I have a small vineyard on Cedar Creek Lake, an hour south of Dallas. I do all the work myself. It’s fun, good exercise, and at times, cathartic.
Unlike other agricultural crops, with grapevines you only get one chance every year to harvest fruit. If something goes wrong, it’s 12 months before you can try again. A lot of things can go wrong: an early or late frost, hailstorm, severe freeze or drought, insects, birds, and other animals. But the greatest vulnerabilities are diseases: bacteria, fungi, or viruses.
One month before this year’s harvest, Downy Mildew crept into the vineyard (it only takes one microscopic spore) and ravaged the grapes, I lost the entire harvest.
To prevent the three major vineyard nemesis (Downy Mildew, Powdery Mildew, and Black Rot), beginning at bud-break, I spray the vines with Mancozeb every two weeks. But the fungicide can’t be used within one month of harvest because it will taint the grapes. This year, the vines were infected during those final four weeks.
I didn’t know, but there’s another product that can be used prior to harvest. Though not as effective as Mancozeb, it adequately protects the vines in those final weeks.
I lost one harvest – no wine bottles labeled 2023 – but I get another chance next year.
The main take-away is that I must learn from my mistake, and not just in the area of viticulture. What lessons can I learn that will apply to all areas of my life?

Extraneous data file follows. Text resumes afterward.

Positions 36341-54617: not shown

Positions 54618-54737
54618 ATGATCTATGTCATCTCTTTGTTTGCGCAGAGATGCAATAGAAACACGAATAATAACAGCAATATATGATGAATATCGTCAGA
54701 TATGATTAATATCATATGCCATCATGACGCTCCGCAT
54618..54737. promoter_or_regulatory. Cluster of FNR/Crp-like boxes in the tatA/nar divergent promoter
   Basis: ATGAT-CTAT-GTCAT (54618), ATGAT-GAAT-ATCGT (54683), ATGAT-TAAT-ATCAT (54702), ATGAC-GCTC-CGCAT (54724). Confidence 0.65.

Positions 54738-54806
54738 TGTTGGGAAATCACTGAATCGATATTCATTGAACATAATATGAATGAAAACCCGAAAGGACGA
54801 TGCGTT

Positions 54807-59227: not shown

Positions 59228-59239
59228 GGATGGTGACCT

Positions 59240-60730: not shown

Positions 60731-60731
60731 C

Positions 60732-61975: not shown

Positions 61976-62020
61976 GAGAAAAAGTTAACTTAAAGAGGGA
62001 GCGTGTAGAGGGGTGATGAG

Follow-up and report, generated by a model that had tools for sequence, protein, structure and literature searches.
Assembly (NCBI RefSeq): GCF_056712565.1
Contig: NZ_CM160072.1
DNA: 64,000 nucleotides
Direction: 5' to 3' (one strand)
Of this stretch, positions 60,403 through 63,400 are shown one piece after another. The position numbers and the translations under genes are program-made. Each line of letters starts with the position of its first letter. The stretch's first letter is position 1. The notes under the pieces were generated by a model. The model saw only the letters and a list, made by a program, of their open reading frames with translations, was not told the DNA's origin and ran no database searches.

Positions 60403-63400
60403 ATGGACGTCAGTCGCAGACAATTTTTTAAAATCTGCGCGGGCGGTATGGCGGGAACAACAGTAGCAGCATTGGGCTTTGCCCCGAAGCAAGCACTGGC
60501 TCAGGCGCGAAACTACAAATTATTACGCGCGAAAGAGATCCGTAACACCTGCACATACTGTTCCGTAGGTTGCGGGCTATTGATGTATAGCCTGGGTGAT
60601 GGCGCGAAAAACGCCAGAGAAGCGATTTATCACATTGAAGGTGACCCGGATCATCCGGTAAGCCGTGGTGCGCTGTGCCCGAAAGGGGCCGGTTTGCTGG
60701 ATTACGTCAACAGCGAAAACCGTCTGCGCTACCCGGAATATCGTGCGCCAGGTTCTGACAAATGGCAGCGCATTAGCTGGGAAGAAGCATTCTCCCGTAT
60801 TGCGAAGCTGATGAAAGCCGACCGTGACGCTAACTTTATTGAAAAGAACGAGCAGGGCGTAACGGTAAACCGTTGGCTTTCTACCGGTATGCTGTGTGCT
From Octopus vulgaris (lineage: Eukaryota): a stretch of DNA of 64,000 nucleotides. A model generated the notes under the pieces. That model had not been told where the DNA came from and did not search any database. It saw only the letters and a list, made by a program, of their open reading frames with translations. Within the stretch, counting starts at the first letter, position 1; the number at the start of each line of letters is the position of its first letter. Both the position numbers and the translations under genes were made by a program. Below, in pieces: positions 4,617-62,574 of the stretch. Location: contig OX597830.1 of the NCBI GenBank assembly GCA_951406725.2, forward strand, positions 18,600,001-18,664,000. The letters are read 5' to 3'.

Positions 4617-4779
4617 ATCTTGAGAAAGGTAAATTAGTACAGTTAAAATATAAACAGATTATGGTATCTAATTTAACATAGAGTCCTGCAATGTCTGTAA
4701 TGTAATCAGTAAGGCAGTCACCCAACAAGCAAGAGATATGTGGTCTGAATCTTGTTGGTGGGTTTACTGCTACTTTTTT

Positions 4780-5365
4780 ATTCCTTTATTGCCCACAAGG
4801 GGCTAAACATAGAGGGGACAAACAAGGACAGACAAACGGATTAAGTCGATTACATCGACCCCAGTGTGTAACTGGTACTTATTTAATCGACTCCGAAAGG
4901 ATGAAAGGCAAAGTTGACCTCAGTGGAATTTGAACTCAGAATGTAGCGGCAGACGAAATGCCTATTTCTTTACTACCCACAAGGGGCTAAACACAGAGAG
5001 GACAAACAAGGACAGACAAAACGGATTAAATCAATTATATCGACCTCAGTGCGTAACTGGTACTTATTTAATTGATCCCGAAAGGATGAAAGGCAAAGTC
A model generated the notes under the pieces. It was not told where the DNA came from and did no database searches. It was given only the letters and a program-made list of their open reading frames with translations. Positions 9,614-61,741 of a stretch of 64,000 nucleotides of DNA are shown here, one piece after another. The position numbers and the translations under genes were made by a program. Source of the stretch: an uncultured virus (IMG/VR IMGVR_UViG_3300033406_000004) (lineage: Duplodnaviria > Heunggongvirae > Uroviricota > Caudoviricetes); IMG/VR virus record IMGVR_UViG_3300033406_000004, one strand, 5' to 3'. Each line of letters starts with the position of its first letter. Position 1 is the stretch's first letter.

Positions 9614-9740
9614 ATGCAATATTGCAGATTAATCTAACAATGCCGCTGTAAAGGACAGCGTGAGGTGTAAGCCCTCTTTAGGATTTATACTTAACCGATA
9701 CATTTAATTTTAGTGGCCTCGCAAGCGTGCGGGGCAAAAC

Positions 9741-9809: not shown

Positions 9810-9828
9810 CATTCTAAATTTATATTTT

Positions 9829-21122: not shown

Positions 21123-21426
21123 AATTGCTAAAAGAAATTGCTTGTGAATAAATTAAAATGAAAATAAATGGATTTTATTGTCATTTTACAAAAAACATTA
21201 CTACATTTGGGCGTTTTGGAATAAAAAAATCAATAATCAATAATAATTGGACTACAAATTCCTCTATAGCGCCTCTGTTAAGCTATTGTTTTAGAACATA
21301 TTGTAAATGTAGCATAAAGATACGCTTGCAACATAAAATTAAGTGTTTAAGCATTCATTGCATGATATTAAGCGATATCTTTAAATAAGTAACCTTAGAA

Here are two life-lessons that I’ve learned from the ruined harvest.
- Some events are more critical than others and demand extra thought and caution. If I plan a date night for Mary and me and the dinner is mediocre and the movie boring, it’s just a disappointing evening. No great loss. But if I’m planning an international trip for 50 friends and make a mistake booking the international flights, the result could be catastrophic. So the greater the consequences of an event or decision, the more careful and obsessive I must be in making sure all goes well. It’s also wise to solicit multiple people’s opinions and critique of the plans and progress; the more “eyes” you have on a project, the better. On a scale from 1-10, 1 being “not significant” and 10 being “extremely significant”, rate every project/event in your life and concentrate more on the higher valued ones.
- The closer I get to a high-value event, the more focused and mindful I should become. I must not get distracted. I must not assume anything. I should check, double-check, and triple-check all details.
I’m currently winterizing my vineyard. Next year will be my best harvest.